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NCDOT Keeps Three -Fourths of Toll Revenues


Today executives from Cintra are meeting with the TIFIA Credit Council to obtain financing for the I-77 toll lane project.  TIFIA is a federally-backed loan program, and Cintra is seeking $189 million from this program. That’s down from their original request of $215 million. We expect them to approve the plan despite what you’re about to read.

As we’ve reported here and during our public meetings, we’re skeptical the toll project can generate enough revenues to service the debt.  The Lake Norman region is home to 150,000 residents. Most toll lanes are in huge metropolitan areas like LA or Miami. Those toll lanes gross around $10M on average. (The highest is CA 91, about $45M.)

According to Cintra’s own repayment schedule, during one particular year the toll lanes would have to generate over $60 million to cover debt and operating expenses. That’s more than any toll lane has grossed in the history of the United States.

But hold on. It gets worse. Much worse.

Revenue Payment Schedule

This assumes all of the revenues would go toward paying debt and operating costs. But they don’t.  The contract contains a revenue sharing provision that requires Cintra to pay NCDOT a percentage of revenues based on an annual gross amount.  The greater the total, the greater the percentage paid to NCDOT.  Think of it like tax brackets- the more you make, the higher the percentage. Per the contract, the percentages look like this:


Of course, this raises the question: what are the revenues for each “band”? They vary by year, but the gross amount before the revenue sharing kicks in is small.  Shockingly small.  For instance, when the toll lanes open, band 2 kicks in at a mere $12,000.  Above that number Cintra pays 12.5% to NCDOT until we hit band 3 at around $14,000 total. Then Cintra pays 25% of that up to band 4, and so on.  And yes, that’s fourteen thousand, not fourteen million.

When the TIFIA loans starting coming due in 2023, band 5 (the highest “tax bracket”) kicks in at $321,000.  That means Cintra will be remitting 75% of anything above that amount to NCDOT.

That year Cintra will owe about $25 million in principal and interest.  Let’s say the toll lanes gross $50 million that year, more than any toll lane ever.  Because of the Revenue Payment Provision, Cintra sends nearly three-quarters of that to NCDOT ($37M), leaving a mere $12.7M for debt service. So even if the toll lanes are wildly, spectacularly successful (at least from Cintra’s point of view), Cintra is only able to pay half of the required debt.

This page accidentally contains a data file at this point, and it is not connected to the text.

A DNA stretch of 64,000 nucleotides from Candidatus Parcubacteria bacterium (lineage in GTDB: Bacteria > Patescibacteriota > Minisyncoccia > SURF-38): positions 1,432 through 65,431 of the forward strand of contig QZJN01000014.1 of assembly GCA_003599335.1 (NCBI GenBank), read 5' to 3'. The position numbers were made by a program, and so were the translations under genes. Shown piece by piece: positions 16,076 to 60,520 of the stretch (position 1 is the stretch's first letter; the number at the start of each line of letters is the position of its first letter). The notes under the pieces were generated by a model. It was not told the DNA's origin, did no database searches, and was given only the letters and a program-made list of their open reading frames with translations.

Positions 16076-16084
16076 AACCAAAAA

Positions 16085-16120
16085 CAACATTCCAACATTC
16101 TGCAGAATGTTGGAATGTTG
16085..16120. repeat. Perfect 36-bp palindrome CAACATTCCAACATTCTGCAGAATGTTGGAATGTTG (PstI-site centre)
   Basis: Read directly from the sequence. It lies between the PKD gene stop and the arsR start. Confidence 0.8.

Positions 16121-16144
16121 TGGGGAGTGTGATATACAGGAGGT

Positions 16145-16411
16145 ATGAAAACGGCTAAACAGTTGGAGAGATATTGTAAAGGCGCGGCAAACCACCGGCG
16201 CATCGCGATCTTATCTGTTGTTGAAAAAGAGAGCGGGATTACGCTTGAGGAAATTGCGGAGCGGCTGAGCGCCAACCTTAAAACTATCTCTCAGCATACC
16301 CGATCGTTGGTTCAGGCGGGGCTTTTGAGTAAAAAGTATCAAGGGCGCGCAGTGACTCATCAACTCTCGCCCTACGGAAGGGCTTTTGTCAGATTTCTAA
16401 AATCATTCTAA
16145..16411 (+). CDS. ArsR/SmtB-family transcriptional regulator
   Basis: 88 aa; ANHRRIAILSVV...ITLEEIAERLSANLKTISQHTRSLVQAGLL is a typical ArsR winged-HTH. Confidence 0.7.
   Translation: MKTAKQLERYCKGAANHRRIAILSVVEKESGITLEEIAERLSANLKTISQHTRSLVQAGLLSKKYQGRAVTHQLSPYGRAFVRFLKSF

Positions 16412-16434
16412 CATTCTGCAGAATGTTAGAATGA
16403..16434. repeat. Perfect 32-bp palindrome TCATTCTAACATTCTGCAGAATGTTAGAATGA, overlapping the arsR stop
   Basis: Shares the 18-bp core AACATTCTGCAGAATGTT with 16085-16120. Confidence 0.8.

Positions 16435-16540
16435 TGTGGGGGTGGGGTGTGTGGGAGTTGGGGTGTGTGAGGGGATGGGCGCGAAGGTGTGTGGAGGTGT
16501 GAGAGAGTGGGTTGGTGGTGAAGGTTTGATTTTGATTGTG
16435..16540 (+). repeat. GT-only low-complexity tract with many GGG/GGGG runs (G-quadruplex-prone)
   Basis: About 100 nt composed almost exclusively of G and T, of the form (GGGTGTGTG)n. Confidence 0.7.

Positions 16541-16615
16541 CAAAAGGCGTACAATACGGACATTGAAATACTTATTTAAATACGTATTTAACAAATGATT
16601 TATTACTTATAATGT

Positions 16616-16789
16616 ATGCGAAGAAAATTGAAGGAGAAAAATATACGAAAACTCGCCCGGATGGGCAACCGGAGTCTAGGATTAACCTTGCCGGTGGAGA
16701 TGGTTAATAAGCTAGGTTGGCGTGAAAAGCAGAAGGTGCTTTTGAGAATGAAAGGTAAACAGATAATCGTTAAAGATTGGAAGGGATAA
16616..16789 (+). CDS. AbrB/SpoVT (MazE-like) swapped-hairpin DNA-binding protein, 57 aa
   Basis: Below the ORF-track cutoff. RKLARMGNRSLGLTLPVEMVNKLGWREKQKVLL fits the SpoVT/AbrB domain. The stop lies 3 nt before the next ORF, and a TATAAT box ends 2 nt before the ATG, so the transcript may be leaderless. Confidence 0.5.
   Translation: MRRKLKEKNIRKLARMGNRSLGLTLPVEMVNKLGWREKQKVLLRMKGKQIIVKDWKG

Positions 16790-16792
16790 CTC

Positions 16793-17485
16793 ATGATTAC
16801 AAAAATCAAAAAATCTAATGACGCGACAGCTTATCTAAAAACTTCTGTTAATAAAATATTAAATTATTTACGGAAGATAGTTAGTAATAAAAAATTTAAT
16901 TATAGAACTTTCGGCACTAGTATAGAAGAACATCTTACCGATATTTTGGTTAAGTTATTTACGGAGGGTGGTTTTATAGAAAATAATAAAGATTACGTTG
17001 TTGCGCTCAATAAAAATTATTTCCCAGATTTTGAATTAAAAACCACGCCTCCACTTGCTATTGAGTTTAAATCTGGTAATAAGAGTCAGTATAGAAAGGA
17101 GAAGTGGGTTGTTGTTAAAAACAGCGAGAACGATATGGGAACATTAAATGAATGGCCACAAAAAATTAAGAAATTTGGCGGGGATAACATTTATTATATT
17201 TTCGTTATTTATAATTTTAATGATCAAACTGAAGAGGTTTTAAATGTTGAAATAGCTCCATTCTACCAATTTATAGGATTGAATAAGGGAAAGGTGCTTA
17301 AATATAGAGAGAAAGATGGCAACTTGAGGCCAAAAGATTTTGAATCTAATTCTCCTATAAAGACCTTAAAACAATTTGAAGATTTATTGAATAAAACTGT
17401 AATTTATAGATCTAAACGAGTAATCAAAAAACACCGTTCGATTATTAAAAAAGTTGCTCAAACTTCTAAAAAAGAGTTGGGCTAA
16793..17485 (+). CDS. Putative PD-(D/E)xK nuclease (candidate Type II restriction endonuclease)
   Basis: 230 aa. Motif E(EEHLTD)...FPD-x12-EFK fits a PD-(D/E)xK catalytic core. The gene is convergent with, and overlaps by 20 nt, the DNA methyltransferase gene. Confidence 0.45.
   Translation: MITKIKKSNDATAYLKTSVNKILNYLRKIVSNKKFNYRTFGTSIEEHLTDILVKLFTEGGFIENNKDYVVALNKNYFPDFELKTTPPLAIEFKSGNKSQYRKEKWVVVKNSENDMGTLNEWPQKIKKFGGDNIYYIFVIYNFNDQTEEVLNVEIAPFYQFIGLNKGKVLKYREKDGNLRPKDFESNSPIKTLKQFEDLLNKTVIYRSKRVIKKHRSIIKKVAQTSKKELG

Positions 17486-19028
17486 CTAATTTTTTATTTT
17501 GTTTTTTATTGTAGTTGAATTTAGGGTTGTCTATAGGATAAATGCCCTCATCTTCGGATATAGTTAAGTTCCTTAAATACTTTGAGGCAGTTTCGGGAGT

Taxpayer Subsidy to the Rescue

However, the contract contains a provision called the Developer Ratio Adjustment Mechanism, or DRAM.  If toll revenues fail to cover debt service the taxpayer will subsidize any shortfall up to $12M per year and $75M total.  Given the above, the DRAM kicking in is a certainty.  But Cintra will be on the taxpayer dole only until the DRAM funds run out, which would be around six years.

After around 2030 they’re on their own. The debt repayment in those years is around $25M per year. Since only a quarter of revenues go toward debt repayment, the toll lanes would have to gross over $100 million per year to repay the debt.  The other three quarters, of course, would be paid to NCDOT.

Who Wins?

We’re not sure the TIFIA Credit Council is aware of this provision. We cannot fathom they would fund this project knowing only a quarter of revenues will go toward debt service.  We sent them a memo today just to make sure (it’s attached below).

This raises some disturbing questions:

Why on earth would anyone fund this?  A difficult question. We have two explanations: Either the Credit Council didn’t know or we just misinterpreted the numbers. If the former it’s pretty disconcerting given they are supposed to be the experts and a little citizen’s group uncovered this.  If the latter we’ll issue a mea culpa.

Why would Cintra do this?  Another tough question. We just don’t know why, but it may involve some fancy balance sheet manipulations ala the Pocahontas Parkway. That road went bankrupt three times and every time the toll companies were right back ready to snatch it out of bankruptcy for pennies on the dollar. The Indiana Toll Road seems to be experiencing similar treatment.

Who wins?
That one is easy.  Three quarters of revenue go to NCDOT.

Memo to TIFIA

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